Did you know there are over 300 unique Rulon blends? Or that the material was named for the president of the originating company? Can you name the most popular formulas? Or common uses? Today on Tech Talk, we feature a Rulon Review:
Rulon is a family of PTFE-blend materials that was invented back in 1952 by Dickson Industries of Bristol, RI. The original material was named after Dixon’s president, Bob Rulon-Miller, who planned to use the new, long-lasting material as a saddle bearing. Dixon Industries was acquired by Furon, and eventually by Saint-Gobain Performance Plastics in 1999. In 2010, after a thirty-year partnership, Saint-Gobain named TriStar as their exclusive North American distributor of Rulon products.
Rulon excels in demanding seal, ring, tape and wear applications based on its very low COF, and heat resistance. Two original formulas of Rulon were Rulon A and Rulon LD, now reformulated and renamed to Rulon AR and Rulon LD.
All Rulon bearings have several common attributes:
- Temperature range of -400° to +550/600°F
- Remains inert to all chemistry
- Variable thermal expansion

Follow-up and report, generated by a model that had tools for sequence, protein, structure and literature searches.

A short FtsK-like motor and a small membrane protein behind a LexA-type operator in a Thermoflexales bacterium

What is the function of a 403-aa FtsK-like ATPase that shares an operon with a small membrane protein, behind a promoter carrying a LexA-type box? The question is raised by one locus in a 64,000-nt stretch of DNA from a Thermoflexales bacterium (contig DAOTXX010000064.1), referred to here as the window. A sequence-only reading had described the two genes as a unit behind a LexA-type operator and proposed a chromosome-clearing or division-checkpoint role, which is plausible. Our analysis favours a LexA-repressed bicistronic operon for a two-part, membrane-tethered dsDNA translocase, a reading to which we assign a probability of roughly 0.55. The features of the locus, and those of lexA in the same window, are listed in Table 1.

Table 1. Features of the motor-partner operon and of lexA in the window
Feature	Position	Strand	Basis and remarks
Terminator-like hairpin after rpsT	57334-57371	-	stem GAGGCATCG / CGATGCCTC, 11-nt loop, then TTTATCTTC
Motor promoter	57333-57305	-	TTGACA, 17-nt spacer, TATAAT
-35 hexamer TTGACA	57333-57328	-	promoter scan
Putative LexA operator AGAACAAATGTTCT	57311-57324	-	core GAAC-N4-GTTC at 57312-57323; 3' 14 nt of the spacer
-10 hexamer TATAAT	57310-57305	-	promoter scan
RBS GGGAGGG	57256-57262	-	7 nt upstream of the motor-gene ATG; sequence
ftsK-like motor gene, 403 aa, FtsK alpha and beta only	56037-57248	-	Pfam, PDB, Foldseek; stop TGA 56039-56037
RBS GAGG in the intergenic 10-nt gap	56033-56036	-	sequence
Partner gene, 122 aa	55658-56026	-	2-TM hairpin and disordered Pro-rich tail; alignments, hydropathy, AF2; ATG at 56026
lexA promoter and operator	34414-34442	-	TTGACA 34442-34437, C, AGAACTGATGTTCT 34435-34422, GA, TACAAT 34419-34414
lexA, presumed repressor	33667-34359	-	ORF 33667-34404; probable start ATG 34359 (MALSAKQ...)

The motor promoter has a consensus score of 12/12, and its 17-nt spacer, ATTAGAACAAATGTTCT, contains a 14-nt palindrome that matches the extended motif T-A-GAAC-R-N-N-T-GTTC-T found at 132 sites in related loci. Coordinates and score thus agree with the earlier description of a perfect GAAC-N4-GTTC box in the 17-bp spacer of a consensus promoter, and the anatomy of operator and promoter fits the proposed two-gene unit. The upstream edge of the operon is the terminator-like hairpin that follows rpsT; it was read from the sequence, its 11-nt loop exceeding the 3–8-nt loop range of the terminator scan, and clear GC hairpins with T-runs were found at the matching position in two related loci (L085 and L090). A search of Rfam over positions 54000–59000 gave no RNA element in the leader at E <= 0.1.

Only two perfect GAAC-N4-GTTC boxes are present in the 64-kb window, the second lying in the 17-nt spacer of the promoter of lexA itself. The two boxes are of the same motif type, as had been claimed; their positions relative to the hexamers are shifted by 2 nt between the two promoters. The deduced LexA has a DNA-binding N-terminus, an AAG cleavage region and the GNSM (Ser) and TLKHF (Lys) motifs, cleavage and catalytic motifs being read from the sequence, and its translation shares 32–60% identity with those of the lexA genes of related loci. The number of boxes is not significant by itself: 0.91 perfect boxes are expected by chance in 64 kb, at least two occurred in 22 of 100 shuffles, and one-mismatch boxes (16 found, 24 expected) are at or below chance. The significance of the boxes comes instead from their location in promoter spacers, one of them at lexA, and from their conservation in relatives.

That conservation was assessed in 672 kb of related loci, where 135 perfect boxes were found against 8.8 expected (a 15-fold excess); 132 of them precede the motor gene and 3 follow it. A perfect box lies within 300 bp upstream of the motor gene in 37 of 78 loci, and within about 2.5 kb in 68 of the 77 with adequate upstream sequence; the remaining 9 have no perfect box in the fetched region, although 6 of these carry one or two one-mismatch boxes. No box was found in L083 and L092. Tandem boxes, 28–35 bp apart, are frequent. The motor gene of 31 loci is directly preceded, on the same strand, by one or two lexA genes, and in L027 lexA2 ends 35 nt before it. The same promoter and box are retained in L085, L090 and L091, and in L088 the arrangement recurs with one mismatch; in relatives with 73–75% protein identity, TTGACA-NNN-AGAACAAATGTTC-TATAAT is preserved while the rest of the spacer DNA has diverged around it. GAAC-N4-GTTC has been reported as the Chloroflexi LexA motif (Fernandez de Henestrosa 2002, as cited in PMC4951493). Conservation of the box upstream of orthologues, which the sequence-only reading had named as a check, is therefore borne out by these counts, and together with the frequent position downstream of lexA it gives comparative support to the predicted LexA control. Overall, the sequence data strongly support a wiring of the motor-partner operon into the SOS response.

- Outstanding wear and strength
Which are the top 4 Rulon blends and common uses?
- Rulon LR
- A maroon colored, ceramic fiber filled bearing material with excellent creep and wear resistance and low friction. Rulon LR performs best against 35RC (or higher) hardness.
- Common uses: An all-purpose, go-to material for general bearing applications.
- Rulon J
- Gold in color, and with the lowest friction of any plastic. A nonabrasive material, Rulon J will run against softer materials.
- Common uses: Automotive, appliances, aerospace
- Rulon 641
- FDA approved and white in color, Rulon 641 can withstand cleaning chemicals and resist contamination.
- Common uses: Food processing, packaging and medical equipment
- Rulon 142
- This blend is a gray/blue color and gives good deformation and good sliding ability.
- Common uses: Machine tools, motor mounts and slide pads
All Rulon formulas are available in standard sleeve, flange and thrust to match bronze standards. Or the material is available in Rulon sheets, rod, and tape options for in-house machining. See the full Rulon comparison and compatibility chart for detailed specs.
How are you using Rulon in your industrial manufacturing? Tell us below, or ask your Rulon questions here!